Colin Ward

Emeritus Faculty

Counselor Education and Supervision (CES)

  • 1995-97 – OREGON STATE UNIVERSITY                                                                    Corvallis, OR
    PhD, Counseling

    • Program Focus: CACREP doctoral standards in Counselor Education and Supervision
    • Dissertation Focus: On-site counseling supervision experience of school counseling interns
    • Major Advisor:  Dr. Reese House
  • 1986-88 – WINONA STATE UNIVERSITY                                                                  Winona, MN
    • M.S., Counselor Education
    • School Counseling Concentration (K-12)
    • Community Counseling Concentration
  • 1980-83 – UNIVERSITY OF NORTHERN COLORADO                                           Greeley, CO
    • B.A., Special Education (K-12) and Elementary Education (K-8)

My clinical interests include strength-based approaches to counseling, wellness and resiliency counseling, advocacy and leadership, supervision and training, and public policy for promoting the counseling profession. Our recent book with Cognella Press, Resilience Centered Counseling: A Liberating Approach to Change and Wellbeing (2022), highlights a career of training counselors and working with clients to integrate effective postmodern techniques and interventions for working with clients to engage hope, identify strengths, and develop resilient life patterns in response to life adversity and trauma.  I have presented extensively regionally, nationally, and internationally on counseling supervision, leadership and advocacy, postmodern and strength-centered counseling, professional development, adventure sports counseling, and family counseling.

My approach is brief, systemic, strength centered, client directed, and outcomes focused. My expertise covers a wide variety of clinical issues, including relational and family distress, loss and trauma, anxiety, depression, addiction, and personal wellness. I also provide executive coaching for career transition and leadership development. I believe that everyone has unique and inherent personal qualities necessary for empowering change, creating fulfilling relationships, and leading a meaningful life.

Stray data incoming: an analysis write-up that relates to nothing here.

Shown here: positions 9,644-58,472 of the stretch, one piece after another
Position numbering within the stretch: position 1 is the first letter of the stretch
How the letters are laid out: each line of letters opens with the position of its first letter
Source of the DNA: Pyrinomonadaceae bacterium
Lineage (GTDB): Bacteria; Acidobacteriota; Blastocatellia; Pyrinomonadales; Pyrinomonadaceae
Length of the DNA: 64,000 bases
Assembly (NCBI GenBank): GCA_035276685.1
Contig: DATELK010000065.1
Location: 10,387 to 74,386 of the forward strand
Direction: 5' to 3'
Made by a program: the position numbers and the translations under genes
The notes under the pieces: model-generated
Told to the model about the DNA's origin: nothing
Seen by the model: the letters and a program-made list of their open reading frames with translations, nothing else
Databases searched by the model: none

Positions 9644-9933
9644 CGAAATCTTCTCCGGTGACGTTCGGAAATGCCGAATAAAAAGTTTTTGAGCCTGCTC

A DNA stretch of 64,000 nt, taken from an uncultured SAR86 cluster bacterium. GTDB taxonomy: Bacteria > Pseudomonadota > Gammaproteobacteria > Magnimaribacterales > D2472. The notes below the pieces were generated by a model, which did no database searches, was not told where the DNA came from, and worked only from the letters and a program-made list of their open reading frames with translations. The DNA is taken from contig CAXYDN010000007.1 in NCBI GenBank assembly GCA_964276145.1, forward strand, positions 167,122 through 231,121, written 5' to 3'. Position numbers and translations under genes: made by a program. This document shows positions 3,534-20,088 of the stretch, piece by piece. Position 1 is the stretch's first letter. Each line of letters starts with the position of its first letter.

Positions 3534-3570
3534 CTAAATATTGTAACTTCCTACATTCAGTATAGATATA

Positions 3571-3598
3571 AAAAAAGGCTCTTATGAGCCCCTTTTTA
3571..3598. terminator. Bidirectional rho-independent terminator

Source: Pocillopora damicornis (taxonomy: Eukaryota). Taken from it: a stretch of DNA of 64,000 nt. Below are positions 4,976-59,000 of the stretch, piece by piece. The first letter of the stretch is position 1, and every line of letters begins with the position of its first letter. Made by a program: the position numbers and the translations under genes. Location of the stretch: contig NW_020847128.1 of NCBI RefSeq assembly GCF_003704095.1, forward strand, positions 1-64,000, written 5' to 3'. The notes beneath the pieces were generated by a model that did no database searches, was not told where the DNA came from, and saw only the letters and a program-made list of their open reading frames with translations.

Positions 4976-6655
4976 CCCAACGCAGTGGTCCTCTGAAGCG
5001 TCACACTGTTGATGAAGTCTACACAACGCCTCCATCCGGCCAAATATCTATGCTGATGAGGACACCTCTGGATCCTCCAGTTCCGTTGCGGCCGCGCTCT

• Ward, C., Heusler, W., Fort, K. (2022).  Resilience centered counseling: A liberating approach to change and wellbeing. Cognella Press
  • Berzins, R. E., Wood, A., Ward, C., & Farley, N. (2022). The role of emotional overcontrol in acceptance of counselor training feedback. Journal of Counselor Preparation and Supervision, 15(1),
  • Berzins, E., Hjelm, J., & Ward, C. (2019).  Adventure sports participants in counseling: Responses to accidents and injuries.  Wisconsin Counseling Journal, 32, p.46-58.
  • Ward, C., Sano, K., & Kukkar, P. (2015).  A culturally sensitive strength centered approach to counseling.  Paper presented to the 3rd World Conference on Excellence
  • Ward, C. (2013).  Strength perspective:  A summary of works.  Oxford University Bibliographies
  • Ward, C. & Reuter, T. (2011). Strength centered counseling: Integrating postmodern approaches and skills with practice. Sage Publications
  • Ward, C. (2006). Social advocacy and professional identity: An interview with Jane Myers. Counseling Today. (April)
  • Ward, C. (2006). Social advocacy and professional identity: An interview with Mark Kiselica. Counseling Today. (February)
  • Ward, C. (2005). Social advocacy and professional identity: An interview with Reese House. Counseling Today. (Article invited: June)
  • House, R., Martin, P., & Ward, C. (2002).  Changing school counselor preparation: A critical need. ERIC
  • Vallani, C., & Ward, C. (2001). Violence and Non-Violence in the Schools: A Manual for Administration. Mellen Press, New York
  • Ward, C., & House, R. (1998). Counseling supervision: A reflective model. Counselor Education and Supervision 38(1): 23-33